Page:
Sunday, July 17, 2016

Island Beach SP 7/17--Lesser Black-backed Gull

Lesser Black-backed Gull
Piping Plover (imm)
The discovery of the first Piping Plover nest in decades at Island Beach precipitated the closing to vehicle traffic (and dogs) of about a 2 mile stretch of beach along the southern end of the park. Not only was this wonderful news for this endangered species, the ancillary benefit of little disturbance has been to attract a lot of other interesting birds to the beach, birds that normally are not found there, ranging from the mundane (Great Blue Herons) to the supposedly rare (Marbled Godwits).
Even though it was a Sunday in mid-summer, I decided to do my walk there this morning. I remembered from trips there with my parents that the traffic wasn't bad early in the morning, so at 7:57 I was rolling through the gates with my senior citizen pass (I also remember the delight my father took in using it) and at 8:10 I was heading for the beach.

I saw Piping Plovers earlier in the year along this beach, so I was indifferent as to seeing them again (I missed them last week when I walked there). I wanted something new for the year, the county, or, if all else failed, Bird A Day. Up ahead of me I saw three birders I knew and caught up with them. Al was "on duty" looking for the Piping Plovers as a volunteer for NJ Fish & Wildlife. I was more interested in the Lesser Black-backed Gull he'd reported the other day.

Lesser Black-backs used to be exceedingly rare this side of the Atlantic, but their occurrence is picking up. However, you really expect to see them in the winter, and up in northern NJ. To have one on the beach in mid-summer rates it a rarity. As we were walking along Al said that it was just around this spot that he seen the bird. How he could tell one spot from another on that undifferentiated beach, I don't know, but a minute later he pointed out the bird among a small flock of Herring Gulls. Lesser Black-backs are distinguished by yellow (not pink) legs, size (about the same as a Herring Gull) and mantle color (charcoal, not black). This bird had all the characteristics (the legs don't show as yellow in the photo as they appeared in "real life."). I was happy and we continued the walk, looking for the plovers, which we were pretty certain were up ahead about a 1/4 of a mile where two birders with scopes and camera were peering intently at the sand. Sure enough the birds were there, two chicks and an adult. The story I got was that there were 4 eggs, one of which got predated (that's the word Fish & Wildlife uses) and we know of two chicks. Chick # 3 is not accounted for as far as I know.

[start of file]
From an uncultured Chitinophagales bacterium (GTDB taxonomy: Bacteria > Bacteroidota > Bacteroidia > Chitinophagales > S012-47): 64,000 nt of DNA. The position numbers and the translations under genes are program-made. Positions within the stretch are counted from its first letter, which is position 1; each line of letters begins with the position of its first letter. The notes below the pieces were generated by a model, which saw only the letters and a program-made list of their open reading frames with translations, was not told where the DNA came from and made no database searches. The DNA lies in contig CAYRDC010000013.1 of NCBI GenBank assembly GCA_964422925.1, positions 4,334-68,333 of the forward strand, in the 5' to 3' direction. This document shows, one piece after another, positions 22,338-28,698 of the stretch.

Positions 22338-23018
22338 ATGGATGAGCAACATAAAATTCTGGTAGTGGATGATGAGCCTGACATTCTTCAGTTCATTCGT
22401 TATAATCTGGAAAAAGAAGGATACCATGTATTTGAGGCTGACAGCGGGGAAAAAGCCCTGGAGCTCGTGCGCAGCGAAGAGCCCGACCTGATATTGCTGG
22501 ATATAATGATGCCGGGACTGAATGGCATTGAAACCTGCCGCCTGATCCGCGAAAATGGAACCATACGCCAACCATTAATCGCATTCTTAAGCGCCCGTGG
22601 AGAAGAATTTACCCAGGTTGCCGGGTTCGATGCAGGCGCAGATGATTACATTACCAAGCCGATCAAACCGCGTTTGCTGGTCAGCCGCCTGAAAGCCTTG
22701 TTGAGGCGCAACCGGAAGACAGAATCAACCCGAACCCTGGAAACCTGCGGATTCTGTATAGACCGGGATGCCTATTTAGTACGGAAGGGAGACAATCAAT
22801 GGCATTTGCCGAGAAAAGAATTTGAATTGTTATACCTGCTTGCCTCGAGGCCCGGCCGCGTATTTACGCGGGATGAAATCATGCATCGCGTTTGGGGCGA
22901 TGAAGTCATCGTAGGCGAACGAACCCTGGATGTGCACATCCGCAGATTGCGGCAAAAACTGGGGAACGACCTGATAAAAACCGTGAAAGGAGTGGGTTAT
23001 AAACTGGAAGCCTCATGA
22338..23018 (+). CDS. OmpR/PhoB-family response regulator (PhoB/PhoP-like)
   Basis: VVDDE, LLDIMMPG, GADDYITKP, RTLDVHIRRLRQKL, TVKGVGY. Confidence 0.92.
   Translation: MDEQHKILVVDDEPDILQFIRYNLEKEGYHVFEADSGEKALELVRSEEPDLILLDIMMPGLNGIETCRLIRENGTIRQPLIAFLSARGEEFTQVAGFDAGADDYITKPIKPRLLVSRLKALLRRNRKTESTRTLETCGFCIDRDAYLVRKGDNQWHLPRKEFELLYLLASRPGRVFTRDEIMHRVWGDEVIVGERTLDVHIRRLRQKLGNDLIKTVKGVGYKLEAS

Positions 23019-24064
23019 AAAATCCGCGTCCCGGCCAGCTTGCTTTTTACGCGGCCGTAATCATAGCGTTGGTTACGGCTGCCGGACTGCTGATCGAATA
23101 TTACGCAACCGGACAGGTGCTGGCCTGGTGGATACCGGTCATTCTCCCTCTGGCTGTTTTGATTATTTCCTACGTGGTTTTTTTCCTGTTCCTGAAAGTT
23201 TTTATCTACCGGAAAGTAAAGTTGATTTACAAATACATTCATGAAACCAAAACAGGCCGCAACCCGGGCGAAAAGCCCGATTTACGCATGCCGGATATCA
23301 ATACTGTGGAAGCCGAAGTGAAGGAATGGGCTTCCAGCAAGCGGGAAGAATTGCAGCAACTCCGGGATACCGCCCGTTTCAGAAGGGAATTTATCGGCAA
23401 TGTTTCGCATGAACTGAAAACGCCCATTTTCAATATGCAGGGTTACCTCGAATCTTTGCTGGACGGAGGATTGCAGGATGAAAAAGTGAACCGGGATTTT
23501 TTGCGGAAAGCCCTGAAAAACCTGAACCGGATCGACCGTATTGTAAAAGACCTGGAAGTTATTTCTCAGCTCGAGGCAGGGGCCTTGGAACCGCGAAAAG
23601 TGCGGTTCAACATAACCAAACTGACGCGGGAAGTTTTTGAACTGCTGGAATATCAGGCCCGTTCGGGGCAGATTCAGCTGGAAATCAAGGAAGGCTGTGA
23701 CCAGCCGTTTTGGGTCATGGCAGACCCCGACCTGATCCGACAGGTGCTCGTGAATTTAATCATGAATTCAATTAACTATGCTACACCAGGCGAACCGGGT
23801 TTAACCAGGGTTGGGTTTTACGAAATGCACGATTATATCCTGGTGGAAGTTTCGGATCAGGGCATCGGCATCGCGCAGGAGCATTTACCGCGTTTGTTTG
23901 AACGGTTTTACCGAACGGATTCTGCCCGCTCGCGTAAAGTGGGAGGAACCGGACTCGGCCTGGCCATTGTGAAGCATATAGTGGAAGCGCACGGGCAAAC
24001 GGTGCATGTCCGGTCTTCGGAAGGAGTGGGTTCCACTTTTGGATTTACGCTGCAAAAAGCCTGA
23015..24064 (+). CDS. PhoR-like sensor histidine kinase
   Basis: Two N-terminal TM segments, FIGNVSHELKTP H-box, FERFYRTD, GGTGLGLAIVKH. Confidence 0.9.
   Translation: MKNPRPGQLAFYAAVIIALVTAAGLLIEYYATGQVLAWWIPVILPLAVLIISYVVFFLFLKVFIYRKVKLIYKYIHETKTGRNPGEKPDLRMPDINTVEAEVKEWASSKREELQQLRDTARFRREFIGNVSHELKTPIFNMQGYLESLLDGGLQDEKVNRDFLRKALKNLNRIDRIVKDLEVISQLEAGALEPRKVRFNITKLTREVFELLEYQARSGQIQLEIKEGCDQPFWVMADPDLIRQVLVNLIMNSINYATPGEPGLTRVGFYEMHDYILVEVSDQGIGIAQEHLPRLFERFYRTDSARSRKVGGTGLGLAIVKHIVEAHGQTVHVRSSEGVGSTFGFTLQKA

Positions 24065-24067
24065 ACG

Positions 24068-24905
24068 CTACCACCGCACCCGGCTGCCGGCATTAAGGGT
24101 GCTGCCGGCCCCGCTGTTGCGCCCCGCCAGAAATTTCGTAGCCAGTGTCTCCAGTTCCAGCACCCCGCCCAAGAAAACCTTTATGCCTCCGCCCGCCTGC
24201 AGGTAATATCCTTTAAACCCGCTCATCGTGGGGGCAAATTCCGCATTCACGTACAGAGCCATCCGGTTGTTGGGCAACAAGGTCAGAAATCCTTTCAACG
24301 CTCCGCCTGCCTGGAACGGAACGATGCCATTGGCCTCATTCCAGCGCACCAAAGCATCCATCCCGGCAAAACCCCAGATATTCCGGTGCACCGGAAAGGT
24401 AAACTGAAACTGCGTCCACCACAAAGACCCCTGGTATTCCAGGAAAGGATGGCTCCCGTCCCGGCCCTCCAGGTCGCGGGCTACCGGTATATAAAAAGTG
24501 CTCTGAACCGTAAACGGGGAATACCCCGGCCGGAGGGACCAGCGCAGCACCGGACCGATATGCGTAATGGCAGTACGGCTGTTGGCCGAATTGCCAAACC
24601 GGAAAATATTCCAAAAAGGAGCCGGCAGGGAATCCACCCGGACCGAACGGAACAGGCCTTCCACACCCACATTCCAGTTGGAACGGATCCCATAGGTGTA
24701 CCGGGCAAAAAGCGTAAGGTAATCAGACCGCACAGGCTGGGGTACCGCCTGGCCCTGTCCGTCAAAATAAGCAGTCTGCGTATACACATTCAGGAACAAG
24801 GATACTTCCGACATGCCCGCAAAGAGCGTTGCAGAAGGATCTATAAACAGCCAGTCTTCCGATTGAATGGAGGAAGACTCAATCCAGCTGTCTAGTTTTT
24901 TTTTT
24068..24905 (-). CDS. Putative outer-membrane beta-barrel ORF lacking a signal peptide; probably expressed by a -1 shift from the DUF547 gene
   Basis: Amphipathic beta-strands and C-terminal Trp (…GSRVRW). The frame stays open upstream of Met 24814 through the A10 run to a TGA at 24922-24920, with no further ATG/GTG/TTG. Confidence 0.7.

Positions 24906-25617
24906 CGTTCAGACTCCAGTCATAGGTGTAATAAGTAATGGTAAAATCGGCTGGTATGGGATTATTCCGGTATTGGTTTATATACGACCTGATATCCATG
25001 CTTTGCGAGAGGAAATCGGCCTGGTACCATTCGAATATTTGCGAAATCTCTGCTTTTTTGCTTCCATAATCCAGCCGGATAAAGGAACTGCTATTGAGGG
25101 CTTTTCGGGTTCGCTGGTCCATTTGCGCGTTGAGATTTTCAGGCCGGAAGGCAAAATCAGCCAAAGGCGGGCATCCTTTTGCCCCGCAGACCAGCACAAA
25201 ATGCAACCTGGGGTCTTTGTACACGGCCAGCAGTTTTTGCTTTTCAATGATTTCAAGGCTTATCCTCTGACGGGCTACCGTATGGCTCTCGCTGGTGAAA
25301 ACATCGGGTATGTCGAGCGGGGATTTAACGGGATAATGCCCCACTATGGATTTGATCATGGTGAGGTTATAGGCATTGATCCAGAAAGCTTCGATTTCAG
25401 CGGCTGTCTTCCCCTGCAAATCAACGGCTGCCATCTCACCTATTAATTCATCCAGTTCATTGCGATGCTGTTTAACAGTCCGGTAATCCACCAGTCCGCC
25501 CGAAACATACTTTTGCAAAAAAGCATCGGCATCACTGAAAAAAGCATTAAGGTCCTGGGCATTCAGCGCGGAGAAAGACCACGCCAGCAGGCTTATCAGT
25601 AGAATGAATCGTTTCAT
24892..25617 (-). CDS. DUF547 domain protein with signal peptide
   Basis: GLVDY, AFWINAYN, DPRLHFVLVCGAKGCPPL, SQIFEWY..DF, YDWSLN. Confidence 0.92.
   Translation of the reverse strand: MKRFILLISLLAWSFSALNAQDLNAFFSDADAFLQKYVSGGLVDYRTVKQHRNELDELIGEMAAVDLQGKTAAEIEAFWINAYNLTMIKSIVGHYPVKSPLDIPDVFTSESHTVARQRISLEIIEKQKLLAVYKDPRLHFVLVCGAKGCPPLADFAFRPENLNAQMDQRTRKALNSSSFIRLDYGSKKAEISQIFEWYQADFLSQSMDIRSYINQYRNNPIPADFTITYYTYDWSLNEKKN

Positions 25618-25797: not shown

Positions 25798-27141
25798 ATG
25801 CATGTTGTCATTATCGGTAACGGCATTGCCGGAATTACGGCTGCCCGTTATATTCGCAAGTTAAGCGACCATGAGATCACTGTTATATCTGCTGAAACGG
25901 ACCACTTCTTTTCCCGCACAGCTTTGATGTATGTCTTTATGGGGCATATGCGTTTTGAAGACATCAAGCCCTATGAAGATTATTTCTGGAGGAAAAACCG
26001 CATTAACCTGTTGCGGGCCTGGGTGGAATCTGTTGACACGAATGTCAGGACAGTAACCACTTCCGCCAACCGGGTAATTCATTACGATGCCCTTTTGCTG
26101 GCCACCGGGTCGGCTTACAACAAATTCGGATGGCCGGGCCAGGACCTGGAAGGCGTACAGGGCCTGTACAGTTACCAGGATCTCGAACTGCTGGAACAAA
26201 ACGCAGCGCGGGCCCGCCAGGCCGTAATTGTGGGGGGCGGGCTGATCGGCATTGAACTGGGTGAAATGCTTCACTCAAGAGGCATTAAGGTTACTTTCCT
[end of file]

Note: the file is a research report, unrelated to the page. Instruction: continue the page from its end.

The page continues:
After watching the birds for a while (the chicks are adorable), and noting my first NJ Royal Tern flying overhead,  I caught up with Al and company at the inlet, where the plovers had also run to, so we got to watch them again. They're tiny birds, but they can cover a lot of ground without flying.

A couple of Brown Pelicans flying overhead were a welcome addition to the day list.

On the way back we found another Piping Plover (pictured above) no longer a chick and not yet an adult. It's origin unknown, whether it is from nearby Barnegat Light, passing through from some more distant point, or even Chick #3, it was neat to find and record it.

Not a lot of birds along the strand (beaches are deserts with water) but a good few hours and a 4 mile walk.
15 species
Double-crested Cormorant  4
Brown Pelican  2
Osprey  1
American Oystercatcher  4
Piping Plover  4     
Sanderling  150
Semipalmated Sandpiper  15
Laughing Gull  5
Herring Gull  100
Lesser Black-backed Gull  1     
Great Black-backed Gull  25
Common Tern  2
Royal Tern  1
Common Yellowthroat  2     Heard
Song Sparrow  2

No comments:

Post a Comment